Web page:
I’m cur­rently work­ing on my keynote for next week’s Con­nect – Web Expe­ri­ence 2014 con­fer­ence in Basel and very much look­ing for­ward to it! Last year’s con­fer­ence was excel­lent, and this year’s sched­ule looks very exciting.

My keynote is about the value of sim­plic­ity in soft­ware – includ­ing a few tales from the trenches.

We like to think of what we build with AEM as large enter­prise sys­tems, with com­plex require­ments. Intri­cate work­flows. Rocket science.

How­ever, when you think about it, our sys­tems are “just” HTTP request proces­sors, that manip­u­late atomic pieces of con­tent in a con­tent repository.

What if you wanted to man­age the Whole World Wide Web with a sin­gle sys­tem? The archi­tec­ture of that 4WCMS might be quite sim­i­lar to what Apache Sling pro­vides for AEM: mostly inde­pen­dent dynamic HTTP request proces­sors, selected by path and resource type, that ren­der and/or process resources from a huge tree of content.

If our archi­tec­ture works for that 4WCMS, the sys­tems that we are actu­ally work­ing on are just peanuts com­pared to that. Man­ag­ing a sin­gle site, or just a small fed­er­a­tion of a hun­dred thou­sand sites? Easy. Yes I’m being provoca­tive – it’s a keynote!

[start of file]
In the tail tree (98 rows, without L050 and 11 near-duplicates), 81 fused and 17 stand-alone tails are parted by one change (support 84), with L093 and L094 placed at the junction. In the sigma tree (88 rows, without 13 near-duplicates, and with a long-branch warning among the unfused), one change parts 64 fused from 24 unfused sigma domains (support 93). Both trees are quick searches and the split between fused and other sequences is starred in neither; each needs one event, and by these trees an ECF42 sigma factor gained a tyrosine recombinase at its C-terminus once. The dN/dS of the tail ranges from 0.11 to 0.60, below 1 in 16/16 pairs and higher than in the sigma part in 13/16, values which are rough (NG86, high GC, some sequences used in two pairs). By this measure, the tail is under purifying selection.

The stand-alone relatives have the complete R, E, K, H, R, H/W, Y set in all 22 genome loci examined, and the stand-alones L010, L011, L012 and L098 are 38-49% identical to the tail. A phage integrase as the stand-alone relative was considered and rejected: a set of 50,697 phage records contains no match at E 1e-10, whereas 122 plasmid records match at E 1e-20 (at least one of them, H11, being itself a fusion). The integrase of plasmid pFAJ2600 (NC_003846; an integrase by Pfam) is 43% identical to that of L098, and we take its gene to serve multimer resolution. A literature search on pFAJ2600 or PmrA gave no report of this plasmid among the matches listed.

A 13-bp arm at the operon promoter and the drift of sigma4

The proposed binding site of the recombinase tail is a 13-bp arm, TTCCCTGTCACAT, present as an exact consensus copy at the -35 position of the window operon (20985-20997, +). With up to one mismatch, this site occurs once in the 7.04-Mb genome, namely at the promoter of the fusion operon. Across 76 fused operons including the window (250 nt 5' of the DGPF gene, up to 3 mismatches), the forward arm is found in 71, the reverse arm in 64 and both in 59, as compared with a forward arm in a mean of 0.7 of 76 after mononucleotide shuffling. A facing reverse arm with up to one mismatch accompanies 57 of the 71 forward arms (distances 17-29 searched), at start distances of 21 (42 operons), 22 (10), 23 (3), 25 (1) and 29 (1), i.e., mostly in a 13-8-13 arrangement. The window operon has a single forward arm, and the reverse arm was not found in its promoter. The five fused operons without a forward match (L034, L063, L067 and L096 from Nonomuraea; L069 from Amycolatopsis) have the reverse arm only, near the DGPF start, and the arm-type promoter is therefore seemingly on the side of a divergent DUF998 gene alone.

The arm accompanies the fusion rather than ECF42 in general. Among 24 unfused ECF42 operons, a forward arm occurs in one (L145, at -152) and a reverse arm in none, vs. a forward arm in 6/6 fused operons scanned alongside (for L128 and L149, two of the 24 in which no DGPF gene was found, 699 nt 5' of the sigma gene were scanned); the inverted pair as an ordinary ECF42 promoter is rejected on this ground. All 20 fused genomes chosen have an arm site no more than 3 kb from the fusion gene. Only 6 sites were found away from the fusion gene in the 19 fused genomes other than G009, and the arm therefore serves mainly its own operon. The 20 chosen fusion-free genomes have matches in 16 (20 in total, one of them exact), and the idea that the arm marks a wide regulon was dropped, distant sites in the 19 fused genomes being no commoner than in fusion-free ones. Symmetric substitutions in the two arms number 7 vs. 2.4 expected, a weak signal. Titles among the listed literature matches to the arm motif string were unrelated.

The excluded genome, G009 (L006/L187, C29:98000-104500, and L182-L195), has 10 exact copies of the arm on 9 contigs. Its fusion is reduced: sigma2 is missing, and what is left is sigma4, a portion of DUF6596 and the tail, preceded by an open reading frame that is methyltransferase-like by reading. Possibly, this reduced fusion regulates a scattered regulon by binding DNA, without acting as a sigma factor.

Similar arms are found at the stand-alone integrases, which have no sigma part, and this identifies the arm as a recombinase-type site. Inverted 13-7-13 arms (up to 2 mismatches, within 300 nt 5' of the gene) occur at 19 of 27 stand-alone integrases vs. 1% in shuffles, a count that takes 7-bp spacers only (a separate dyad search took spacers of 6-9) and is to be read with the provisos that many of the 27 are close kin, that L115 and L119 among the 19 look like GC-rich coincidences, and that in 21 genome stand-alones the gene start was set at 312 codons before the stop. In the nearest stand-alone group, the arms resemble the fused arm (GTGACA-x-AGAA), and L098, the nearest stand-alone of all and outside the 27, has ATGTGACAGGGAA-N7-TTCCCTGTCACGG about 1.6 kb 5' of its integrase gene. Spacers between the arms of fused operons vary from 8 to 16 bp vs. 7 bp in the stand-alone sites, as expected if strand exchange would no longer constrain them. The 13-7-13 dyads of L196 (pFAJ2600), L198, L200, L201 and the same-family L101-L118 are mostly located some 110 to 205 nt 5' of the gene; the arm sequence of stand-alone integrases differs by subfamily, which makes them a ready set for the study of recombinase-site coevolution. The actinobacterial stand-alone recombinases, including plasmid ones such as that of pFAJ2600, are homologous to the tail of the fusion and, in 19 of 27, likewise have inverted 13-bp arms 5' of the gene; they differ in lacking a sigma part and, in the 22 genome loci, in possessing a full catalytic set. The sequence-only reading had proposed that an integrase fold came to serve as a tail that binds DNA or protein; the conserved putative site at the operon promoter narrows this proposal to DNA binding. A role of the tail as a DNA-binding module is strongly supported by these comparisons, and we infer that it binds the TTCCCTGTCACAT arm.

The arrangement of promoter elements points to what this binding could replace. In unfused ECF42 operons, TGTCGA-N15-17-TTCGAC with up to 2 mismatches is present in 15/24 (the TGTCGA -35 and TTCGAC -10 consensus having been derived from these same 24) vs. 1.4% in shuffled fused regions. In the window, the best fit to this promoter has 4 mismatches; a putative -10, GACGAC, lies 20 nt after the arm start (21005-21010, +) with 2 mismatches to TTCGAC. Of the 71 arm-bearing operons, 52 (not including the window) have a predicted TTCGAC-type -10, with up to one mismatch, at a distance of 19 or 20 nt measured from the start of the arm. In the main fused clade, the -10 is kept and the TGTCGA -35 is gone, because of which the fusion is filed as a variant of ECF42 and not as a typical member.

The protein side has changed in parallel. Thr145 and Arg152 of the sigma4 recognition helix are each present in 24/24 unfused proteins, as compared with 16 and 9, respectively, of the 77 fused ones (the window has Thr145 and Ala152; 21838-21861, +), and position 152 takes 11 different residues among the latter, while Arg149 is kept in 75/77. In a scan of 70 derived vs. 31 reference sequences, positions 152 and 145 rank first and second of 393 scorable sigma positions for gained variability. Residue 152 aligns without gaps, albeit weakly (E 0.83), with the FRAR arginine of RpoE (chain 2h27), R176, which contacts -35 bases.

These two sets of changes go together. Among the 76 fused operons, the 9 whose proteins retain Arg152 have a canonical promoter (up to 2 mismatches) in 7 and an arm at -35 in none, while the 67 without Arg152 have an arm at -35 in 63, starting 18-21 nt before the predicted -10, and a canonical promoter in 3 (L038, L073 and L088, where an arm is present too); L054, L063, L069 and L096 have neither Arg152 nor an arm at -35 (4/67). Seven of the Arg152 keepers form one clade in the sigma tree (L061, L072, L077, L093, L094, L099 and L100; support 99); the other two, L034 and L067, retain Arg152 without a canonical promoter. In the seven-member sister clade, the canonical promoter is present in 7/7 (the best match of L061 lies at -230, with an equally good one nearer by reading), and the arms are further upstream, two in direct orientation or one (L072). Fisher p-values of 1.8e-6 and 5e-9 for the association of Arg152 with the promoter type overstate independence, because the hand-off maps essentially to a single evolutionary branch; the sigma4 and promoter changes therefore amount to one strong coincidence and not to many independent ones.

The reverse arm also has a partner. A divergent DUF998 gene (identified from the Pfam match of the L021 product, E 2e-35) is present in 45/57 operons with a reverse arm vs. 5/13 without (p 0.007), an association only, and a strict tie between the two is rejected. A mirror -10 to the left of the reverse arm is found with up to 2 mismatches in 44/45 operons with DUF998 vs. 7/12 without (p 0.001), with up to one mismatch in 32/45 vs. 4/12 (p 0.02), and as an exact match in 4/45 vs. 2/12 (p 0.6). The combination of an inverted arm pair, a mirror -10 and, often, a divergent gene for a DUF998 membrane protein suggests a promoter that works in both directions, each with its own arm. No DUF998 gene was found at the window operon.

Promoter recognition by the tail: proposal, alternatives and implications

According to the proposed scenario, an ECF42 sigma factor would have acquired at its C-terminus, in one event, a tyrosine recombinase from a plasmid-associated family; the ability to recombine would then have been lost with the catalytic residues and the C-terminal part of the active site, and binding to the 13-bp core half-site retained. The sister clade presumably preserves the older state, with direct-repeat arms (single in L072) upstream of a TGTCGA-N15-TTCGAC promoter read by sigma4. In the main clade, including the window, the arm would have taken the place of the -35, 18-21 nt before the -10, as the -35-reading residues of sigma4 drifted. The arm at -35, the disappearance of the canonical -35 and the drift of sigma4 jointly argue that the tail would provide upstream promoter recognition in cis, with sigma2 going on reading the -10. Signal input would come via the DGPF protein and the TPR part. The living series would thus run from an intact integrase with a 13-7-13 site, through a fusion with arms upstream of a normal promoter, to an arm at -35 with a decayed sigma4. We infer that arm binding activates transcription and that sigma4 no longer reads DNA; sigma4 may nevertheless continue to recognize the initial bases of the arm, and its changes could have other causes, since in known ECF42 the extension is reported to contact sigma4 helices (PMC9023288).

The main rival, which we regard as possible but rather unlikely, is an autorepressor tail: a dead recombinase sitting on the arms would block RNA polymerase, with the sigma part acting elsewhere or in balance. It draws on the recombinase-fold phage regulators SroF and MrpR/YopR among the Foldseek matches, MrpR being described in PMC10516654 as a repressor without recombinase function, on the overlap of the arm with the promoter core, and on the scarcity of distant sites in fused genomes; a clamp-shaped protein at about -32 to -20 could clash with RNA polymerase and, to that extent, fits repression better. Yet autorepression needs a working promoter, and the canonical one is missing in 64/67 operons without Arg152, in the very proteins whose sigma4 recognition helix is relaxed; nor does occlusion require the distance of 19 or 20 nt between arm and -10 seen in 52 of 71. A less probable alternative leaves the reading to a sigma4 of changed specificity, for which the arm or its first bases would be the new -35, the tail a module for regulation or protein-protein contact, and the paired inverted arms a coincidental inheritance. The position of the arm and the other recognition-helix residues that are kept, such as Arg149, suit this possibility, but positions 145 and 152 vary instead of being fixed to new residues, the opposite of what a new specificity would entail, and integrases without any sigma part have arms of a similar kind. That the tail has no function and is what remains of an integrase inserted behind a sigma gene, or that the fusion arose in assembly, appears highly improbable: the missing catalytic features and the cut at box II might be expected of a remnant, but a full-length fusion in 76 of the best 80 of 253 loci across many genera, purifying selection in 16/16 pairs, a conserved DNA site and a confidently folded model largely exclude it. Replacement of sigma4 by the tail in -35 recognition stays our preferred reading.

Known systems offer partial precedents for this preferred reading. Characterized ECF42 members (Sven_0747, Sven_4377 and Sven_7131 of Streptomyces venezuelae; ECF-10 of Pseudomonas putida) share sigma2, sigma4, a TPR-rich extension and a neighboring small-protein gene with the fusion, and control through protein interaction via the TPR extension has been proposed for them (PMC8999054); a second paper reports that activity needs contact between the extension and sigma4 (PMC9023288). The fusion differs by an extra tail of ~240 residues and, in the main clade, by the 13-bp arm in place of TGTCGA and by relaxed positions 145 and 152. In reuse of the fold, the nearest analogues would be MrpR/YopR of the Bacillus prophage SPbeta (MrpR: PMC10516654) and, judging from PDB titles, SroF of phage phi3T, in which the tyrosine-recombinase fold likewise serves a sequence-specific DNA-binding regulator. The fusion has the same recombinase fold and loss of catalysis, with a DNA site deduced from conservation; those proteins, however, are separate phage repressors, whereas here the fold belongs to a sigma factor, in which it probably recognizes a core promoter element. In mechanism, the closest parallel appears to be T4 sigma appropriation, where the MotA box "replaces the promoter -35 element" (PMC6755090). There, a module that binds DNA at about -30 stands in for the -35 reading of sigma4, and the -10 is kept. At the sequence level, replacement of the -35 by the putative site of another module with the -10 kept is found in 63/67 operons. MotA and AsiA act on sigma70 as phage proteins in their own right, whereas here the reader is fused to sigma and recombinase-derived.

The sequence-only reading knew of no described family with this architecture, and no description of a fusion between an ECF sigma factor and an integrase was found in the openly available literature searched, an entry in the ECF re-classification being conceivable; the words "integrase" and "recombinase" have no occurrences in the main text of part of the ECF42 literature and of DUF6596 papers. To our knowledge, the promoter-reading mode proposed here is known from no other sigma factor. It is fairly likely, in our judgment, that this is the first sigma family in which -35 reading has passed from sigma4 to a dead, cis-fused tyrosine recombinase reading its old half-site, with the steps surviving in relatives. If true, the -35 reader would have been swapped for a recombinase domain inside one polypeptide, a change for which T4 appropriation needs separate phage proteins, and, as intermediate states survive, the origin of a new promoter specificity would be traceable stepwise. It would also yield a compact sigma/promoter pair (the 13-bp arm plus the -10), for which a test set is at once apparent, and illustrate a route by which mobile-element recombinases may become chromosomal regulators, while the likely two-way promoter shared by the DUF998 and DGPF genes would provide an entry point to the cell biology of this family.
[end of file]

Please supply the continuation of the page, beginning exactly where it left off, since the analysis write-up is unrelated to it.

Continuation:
The inher­ently scal­able archi­tec­ture of the Web, com­bined with the nat­ural decou­pling that HTTP and REST (and OSGi) pro­vide, should allow us to keep our sys­tems sim­ple, trans­par­ent, robust and adapt­able. Yet, much too often, we fall into the “entr­prisey” trap and start design­ing com­plex machin­ery where some­thing sim­ple would do – if only some­one had the guts to chal­lenge the sta­tus quo.

I have a few exam­ples in mind, from past projects, where sim­plic­ity pro­vided huge wins, even though it required con­vinc­ing cus­tomers that had dif­fer­ent, usu­ally more com­plex ideas. My goal is to demon­strate how valu­able sim­plic­ity is, and how expen­sive it can be to cre­ate ini­tially. Like the story of those 28 lines of code that took three months to cre­ate, in 1999, and still live hap­pily in pro­duc­tion with Zero Bugs.

We shouldn’t give up – cre­at­ing sim­ple things is a lot of work, but the rewards are huge.

To para­phrase Blaise Pas­cal, if your sys­tem is com­pli­cated it usu­ally means you didn’t work hard enough to make it sim­pler. Or maybe you have a really com­plex prob­lem, but that’s not very com­mon. And maybe that com­plex prob­lem is the wrong one to solve anyway.

I hope to see you next week in Basel and until then – keep things simple!

This post was pre­vi­ously pub­lished on Bertrand Delacretaz’s blog, June 16, 2014.